It was a shocking day of Jesus’ ministry in Galilee as He taught Jews in the synagogue in Capernaum. Jesus made a staggering claim that He is the bread of life that came down from heaven, and said that they have to eat His flesh and drink His blood in order to have eternal life (John 6:35-59).

This is a chapter that has been mutilated by the Roman Catholic Church, and used to develop the Mass where Christ is re-sacrificed repeatedly. They perform a bizarre ritual eating His flesh and drinking His blood, just exactly what Jesus was not talking about. A Catholic mass is by definition the sacrifice of Christ (Catechism 1322, 1338). The Baltimore Catechism (Confraternity Edition of 1949) says, “Christ gives us His own body and blood in the holy Eucharist first, to be offered as a sacrifice commemorating and renewing for all time the sacrifice of the cross” (Catechism 356). While the Catholic catechisms quote the passages that speak of Christ dying once, they also teach that the priest miraculously transforms the bread and wine into Christ’s real body. At the Mass, the bread and wine are changed into the body and blood of Jesus Christ. This is not a chemical change because the outward, sensible appearances of bread and wine remain, but under those appearances of bread and wine, Jesus is truly present in the Eucharist (CCC 1374).

At the 22nd session of Trent in 1562, the decree entitled “Doctrine Concerning the Sacrifice of the Mass” says, “In as much as this divine sacrifice, which is celebrated in the Mass is contained and emulated in an unbloody manner, the same Christ who once offered himself in a bloody manner on the altar of the cross. The Holy Council, therefore, teaches that this is truly propitiatory and has this effect. That if we, contrite and penitent, with sincere heart and upright faith, with fear and reverence draw an eye to God, we obtain mercy and find grace in seasonable aid. That is to say that there is salvation in the Mass!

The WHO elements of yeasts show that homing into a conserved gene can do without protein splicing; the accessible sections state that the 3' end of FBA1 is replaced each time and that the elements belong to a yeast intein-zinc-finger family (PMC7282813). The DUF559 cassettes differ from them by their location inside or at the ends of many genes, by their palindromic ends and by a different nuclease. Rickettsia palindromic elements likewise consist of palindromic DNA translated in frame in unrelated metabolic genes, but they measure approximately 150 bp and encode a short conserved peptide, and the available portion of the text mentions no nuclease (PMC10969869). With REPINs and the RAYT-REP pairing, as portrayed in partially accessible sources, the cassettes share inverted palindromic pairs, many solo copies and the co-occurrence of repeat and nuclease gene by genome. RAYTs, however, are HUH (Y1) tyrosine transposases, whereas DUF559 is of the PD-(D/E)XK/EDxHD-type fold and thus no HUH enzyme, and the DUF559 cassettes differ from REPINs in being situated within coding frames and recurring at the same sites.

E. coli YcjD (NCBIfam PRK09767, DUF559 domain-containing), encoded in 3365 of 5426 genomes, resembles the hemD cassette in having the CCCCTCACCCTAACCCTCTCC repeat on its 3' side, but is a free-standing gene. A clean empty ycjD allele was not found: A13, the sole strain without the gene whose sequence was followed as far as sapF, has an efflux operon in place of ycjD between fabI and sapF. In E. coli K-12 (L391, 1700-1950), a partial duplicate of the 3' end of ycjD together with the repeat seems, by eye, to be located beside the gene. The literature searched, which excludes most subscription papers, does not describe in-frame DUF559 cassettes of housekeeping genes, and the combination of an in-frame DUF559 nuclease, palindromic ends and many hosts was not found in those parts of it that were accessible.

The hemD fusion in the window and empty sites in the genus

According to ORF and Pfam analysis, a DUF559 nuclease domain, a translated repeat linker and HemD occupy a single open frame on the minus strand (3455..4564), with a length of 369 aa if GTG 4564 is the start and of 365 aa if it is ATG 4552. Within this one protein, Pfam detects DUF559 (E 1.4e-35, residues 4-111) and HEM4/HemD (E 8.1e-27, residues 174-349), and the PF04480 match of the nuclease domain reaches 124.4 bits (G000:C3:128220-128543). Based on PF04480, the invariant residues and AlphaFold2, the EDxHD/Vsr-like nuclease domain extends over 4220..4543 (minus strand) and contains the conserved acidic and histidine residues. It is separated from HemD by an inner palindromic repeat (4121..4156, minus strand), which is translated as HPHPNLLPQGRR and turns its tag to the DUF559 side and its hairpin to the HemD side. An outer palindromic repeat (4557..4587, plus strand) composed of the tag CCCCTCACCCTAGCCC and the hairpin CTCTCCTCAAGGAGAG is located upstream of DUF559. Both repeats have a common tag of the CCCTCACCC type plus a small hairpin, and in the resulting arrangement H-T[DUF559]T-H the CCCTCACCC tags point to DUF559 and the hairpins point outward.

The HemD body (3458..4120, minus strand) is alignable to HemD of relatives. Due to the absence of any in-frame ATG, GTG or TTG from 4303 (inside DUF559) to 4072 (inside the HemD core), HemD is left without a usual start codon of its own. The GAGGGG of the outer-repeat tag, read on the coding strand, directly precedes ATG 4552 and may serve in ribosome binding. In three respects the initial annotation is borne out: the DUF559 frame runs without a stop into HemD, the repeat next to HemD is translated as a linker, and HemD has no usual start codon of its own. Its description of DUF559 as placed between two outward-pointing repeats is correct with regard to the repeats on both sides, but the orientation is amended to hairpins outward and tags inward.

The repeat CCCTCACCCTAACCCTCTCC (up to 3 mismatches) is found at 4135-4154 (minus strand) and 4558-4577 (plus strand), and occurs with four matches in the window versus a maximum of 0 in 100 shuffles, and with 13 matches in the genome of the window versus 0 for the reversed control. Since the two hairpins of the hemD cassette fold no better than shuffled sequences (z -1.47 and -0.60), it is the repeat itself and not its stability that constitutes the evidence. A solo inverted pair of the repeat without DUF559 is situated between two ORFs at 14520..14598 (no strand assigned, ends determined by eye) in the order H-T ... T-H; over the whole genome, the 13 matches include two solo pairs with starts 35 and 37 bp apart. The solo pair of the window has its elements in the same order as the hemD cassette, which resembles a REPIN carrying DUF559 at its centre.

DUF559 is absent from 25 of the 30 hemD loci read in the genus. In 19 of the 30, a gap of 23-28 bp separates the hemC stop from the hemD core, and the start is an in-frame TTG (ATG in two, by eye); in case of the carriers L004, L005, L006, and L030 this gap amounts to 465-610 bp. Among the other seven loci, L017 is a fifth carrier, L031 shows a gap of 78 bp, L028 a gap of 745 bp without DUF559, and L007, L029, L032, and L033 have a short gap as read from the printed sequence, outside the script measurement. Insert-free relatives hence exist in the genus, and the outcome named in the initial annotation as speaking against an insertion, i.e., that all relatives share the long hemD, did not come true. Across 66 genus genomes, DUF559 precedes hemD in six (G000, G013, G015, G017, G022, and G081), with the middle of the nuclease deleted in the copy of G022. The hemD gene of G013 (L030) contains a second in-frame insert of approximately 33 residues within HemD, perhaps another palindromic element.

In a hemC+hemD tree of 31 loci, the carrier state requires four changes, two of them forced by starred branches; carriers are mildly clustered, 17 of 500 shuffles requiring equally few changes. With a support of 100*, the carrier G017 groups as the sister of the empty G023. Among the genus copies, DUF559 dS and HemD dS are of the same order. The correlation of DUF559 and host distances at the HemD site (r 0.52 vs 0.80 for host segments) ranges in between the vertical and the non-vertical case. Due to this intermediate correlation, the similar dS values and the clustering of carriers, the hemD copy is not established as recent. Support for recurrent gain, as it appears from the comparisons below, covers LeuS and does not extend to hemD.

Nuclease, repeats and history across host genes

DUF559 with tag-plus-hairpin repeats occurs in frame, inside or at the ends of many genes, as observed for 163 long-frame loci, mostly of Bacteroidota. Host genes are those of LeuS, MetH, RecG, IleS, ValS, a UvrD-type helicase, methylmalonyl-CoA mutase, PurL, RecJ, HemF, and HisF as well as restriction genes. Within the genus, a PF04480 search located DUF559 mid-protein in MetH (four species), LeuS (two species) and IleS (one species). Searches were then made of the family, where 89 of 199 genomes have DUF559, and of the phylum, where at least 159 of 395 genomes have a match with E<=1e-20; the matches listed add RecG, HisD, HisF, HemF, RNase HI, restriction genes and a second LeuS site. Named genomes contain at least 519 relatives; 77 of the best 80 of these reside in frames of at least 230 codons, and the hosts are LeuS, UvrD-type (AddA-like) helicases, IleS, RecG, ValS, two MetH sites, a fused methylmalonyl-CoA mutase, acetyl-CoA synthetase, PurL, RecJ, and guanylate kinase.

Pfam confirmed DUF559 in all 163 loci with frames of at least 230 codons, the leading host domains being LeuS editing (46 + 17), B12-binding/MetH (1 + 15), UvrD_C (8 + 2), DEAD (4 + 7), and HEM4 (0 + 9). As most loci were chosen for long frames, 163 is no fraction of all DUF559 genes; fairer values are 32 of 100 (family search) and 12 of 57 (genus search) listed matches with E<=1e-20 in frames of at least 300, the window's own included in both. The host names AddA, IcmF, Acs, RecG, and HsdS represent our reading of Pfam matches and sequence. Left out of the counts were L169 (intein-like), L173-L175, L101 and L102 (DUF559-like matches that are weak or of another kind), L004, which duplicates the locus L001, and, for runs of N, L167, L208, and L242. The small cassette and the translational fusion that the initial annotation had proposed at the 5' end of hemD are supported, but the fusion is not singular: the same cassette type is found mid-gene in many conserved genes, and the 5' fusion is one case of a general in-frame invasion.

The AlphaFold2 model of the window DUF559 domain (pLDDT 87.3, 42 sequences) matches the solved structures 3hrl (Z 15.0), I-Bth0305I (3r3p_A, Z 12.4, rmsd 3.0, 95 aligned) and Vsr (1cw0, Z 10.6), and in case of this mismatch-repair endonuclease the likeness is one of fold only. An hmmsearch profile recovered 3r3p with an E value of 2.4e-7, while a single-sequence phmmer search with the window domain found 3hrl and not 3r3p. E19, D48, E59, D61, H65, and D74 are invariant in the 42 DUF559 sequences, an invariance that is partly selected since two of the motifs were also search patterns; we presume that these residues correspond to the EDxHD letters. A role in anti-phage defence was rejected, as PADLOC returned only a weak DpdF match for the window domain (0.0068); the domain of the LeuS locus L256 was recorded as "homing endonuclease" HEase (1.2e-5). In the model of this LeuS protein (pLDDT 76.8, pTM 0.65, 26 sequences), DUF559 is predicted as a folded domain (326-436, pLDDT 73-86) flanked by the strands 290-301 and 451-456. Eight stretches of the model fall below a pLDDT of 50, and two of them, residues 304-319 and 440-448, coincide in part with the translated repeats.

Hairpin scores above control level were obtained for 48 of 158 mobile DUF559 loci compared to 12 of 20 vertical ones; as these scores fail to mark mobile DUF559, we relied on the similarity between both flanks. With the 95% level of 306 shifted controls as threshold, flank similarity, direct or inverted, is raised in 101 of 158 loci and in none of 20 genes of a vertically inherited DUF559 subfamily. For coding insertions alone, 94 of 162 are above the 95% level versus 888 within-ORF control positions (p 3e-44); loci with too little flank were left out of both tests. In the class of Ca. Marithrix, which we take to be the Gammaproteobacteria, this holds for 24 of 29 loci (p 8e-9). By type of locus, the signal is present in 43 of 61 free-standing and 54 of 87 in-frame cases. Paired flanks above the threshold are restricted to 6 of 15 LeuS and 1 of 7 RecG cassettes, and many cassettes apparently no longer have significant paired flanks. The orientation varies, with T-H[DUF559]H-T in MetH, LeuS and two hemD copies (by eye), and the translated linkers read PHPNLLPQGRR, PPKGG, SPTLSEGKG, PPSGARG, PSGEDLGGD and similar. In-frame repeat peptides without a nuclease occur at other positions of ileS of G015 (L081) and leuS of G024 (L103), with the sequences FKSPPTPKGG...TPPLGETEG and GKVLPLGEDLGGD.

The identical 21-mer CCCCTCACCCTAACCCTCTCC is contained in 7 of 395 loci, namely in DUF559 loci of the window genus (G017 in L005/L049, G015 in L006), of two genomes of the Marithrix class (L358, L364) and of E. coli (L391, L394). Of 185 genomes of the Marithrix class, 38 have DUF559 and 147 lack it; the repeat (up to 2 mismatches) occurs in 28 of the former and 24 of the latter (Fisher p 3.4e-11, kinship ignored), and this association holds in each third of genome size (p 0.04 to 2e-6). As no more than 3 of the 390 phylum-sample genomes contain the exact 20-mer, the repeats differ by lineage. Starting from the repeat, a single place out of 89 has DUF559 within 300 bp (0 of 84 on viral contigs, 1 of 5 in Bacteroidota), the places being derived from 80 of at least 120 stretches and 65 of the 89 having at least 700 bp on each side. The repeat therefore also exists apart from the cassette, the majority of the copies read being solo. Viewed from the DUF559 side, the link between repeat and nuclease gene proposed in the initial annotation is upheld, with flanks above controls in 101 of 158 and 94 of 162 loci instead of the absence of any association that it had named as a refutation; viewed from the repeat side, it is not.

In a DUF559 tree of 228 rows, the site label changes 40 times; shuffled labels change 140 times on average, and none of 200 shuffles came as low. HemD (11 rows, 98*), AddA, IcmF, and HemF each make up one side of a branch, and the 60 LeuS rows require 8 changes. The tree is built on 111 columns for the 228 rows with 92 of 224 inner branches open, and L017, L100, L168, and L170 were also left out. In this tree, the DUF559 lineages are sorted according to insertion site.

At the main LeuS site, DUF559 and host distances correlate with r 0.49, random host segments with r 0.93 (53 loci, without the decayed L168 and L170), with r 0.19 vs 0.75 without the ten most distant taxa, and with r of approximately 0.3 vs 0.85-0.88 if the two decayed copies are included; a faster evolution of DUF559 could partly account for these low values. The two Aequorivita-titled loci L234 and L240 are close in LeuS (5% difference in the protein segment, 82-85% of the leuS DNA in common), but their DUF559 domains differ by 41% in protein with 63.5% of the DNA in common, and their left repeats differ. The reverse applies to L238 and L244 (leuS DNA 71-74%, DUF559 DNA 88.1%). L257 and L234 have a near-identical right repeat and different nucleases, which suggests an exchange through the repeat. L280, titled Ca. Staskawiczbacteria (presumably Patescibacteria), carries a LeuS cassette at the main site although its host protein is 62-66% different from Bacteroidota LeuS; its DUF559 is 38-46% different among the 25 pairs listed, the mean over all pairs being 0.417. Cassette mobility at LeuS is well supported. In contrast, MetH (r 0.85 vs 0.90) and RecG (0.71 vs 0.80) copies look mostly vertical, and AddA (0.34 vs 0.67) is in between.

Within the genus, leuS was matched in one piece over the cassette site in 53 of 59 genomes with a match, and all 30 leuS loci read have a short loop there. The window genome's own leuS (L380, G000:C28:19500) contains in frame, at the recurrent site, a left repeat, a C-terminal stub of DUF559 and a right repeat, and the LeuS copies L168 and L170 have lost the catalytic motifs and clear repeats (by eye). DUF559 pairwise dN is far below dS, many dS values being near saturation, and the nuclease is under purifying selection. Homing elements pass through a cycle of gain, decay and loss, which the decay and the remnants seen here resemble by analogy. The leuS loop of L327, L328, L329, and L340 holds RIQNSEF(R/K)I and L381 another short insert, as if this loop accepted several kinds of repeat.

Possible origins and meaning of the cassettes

Is Jesus asking us to Literally Eat His Flesh and Drink His Blood?

As with all the other scripture the clarity to this question comes in the context. This verse comes in the context of Jesus feeding of the five thousand (John 6:1-14). We read in the text that more crowd continued to pursue Christ with the hope of free food. They neither come to hear the teaching of Christ nor to worship Him. Jesus knew their superficial faith and told them, “You seek Me, not because you saw signs, but because you ate of the loaves and were filled. Do not work for the food which perishes, but for the food which endures to eternal life” (John 6:26–27). Though Jesus urged them to seek the life giving supernatural food that came from heaven instead of seeking perishable food, the crowd relentlessly asked Him to perform food creation signs. Jesus continued to identify Himself with the “bread came out of heaven”, and said “I am the bread of life; he who comes to Me will not hunger, and he who believes in Me will never thirst” (John 6:35).

Jesus has repeated the same thing over and over using sever terminology and imagery in John 6:48-56

“I am the bread of life. Your fathers ate the manna in the wilderness, and they died. This is the bread that comes down from heaven, so that one may eat of it and not die. I am the living bread that came down from heaven. If anyone eats of this bread, he will live forever. And the bread that I will give for the life of the world is my flesh.” The Jews then disputed among themselves, saying, “How can this man give us his flesh to eat?” So Jesus said to them, “Truly, truly, I say to you, unless you eat the flesh of the Son of Man and drink his blood, you have no life in you. Whoever feeds on my flesh and drinks my blood has eternal life, and I will raise him up on the last day. For my flesh is true food, and my blood is true drink. Whoever feeds on my flesh and drinks my blood abides in me, and I in him.”